July saw Victoria follow NSW in making available online, free spatial data free. New Zealand’s LINZ released a significant amount of aerial imagery with more to follow. I checked out the VIC release and created a quick guide for those not familiar with accessing spatial data.
Apart from being useful to create base maps, spatial data makes it easy to georeference existing maps. The most useful data sets for orienteering and rogaining are elevation (contours, spot heights), transport (road, rail, tracks), hydro (lakes, streams, watercourses), property boundaries and vegetation density. Most of those data sets have associated infrastructure but some might be obtained from a features data set.
The remainder of this post deals with my quick survey of the VIC offering. The situation is likely to be broadly similar in other states.
900 data sets released on data.vic.gov.au
While Orienteering Victoria has had a free data licence for some years, acquiring a data set cost $200 for the work involved. Not to mention the time of orienteers in preparing and submitting the application.
Now you can download seemingly any or all of the six data sets useful to map sports to some degree.
Another 100 data sets will be available by September.
Locating your data sets
Easiest is to download the Guide below and search using the ID attached to each recommended data set. If you wish to peruse at leisure then read on.
Each data set may appear in multiple categories. For sport purposes, it appears easiest to search for or select a data set name that includes the words VicMap 1:25,000. These data sets include subsets that otherwise you would need to locate and order individually. For example, Vicmap Hydro 1:25,000 includes subsets watercourses (rivers, streams, channels…), water points (ponds, dams…), water areas (lakes, reservoirs…).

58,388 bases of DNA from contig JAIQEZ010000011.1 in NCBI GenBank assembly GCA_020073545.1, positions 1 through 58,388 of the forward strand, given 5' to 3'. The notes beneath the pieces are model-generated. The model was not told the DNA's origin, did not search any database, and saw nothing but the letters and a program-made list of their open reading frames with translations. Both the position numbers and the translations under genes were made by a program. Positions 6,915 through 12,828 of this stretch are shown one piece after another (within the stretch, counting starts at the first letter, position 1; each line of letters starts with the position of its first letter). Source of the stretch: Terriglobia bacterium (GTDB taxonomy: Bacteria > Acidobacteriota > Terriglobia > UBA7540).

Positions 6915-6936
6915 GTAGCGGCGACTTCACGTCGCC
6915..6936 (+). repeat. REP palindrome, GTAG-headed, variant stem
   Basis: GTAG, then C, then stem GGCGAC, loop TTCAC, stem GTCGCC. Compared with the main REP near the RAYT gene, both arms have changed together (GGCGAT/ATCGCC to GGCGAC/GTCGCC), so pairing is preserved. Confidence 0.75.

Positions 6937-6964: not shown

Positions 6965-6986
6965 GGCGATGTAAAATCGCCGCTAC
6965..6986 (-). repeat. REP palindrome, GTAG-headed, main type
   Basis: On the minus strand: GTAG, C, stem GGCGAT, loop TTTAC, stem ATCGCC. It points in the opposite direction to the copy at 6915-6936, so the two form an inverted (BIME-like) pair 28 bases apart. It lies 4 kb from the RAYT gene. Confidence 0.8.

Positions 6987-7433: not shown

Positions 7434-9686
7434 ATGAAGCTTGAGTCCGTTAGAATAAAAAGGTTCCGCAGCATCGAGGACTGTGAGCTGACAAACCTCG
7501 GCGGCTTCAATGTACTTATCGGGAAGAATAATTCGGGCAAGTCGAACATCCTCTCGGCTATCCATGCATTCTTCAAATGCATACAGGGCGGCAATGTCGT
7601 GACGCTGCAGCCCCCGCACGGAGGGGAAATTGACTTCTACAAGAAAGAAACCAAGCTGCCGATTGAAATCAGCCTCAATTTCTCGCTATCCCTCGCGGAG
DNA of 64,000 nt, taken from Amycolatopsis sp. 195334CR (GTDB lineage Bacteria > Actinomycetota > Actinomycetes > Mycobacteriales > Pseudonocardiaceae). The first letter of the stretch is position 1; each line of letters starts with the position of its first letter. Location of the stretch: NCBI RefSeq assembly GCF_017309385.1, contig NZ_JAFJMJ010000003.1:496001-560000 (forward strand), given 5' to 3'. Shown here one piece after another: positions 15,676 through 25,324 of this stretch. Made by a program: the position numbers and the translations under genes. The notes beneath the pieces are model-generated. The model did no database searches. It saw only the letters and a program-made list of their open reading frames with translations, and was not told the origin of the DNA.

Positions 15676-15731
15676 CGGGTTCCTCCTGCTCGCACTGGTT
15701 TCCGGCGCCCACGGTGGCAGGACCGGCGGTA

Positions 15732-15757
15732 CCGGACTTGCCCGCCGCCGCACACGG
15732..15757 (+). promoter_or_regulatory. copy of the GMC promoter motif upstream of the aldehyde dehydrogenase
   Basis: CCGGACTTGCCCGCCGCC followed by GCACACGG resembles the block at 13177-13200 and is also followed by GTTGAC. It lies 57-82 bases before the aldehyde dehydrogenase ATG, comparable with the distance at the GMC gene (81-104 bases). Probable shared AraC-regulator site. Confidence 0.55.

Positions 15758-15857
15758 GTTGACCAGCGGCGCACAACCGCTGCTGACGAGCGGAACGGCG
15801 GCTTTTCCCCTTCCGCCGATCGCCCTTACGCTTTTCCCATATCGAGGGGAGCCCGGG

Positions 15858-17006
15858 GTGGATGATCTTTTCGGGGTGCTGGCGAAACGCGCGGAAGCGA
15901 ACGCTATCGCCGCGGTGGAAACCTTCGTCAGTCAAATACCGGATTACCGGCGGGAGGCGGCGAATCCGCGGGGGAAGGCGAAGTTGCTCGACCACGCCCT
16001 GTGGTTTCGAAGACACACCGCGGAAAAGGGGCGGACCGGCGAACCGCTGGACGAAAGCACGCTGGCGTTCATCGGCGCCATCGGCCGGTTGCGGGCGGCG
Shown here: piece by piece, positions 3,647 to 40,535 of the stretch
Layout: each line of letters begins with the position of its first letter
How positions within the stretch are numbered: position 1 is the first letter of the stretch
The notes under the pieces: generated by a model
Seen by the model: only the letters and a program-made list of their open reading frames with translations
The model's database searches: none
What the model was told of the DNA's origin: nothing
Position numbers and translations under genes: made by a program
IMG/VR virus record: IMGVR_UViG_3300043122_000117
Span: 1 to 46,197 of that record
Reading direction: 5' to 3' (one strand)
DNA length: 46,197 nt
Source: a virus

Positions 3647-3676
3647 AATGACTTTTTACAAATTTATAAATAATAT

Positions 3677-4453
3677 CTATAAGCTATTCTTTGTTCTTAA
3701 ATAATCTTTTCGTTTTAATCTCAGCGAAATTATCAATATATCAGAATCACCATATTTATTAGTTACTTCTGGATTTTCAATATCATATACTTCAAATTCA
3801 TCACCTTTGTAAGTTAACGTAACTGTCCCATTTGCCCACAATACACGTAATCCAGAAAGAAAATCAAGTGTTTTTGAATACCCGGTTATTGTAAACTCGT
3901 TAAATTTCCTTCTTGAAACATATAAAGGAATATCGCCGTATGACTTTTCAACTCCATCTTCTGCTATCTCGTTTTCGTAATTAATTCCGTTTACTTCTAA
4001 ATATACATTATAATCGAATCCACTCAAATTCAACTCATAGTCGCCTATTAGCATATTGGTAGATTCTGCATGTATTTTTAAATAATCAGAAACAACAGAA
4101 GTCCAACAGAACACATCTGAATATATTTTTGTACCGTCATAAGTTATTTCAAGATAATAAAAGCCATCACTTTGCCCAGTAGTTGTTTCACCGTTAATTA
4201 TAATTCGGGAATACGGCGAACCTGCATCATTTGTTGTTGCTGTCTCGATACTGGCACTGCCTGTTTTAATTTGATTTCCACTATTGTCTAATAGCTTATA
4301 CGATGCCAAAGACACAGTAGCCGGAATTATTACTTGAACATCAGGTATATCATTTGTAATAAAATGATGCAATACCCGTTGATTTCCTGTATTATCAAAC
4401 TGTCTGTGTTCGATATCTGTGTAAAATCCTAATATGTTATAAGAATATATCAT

However, the listings are not perfect. For example at time of writing, the Spatial | Transport section does not include VicMap Transport 1:25,000 but does include VicMap Vegetation 1:25,000 (I have notified this).
A quick guide
For the uninitiated, selection of an appropriate data set may seem daunting when you first hit data.vic.gov.au. For example, if you select Transport from the category list shown you end up with social data sets, not spatial data sets. You first have to select Spatial, then the relevant sub category.
And which data format you select depends upon your edition of OCAD. For Professional, select ESRI Shape. For Standard, select Autocad DXF.
To assist, while watching the exciting Tour de France Mont Ventoux stage, I delved into the web site and prepared a quick guide which you can download. It will not be perfect but it should help you avoid long detours. I will update it as necessary (let me know of any errors) and am working on some short video guides.
1 page pdf. Updated 17 July 2013.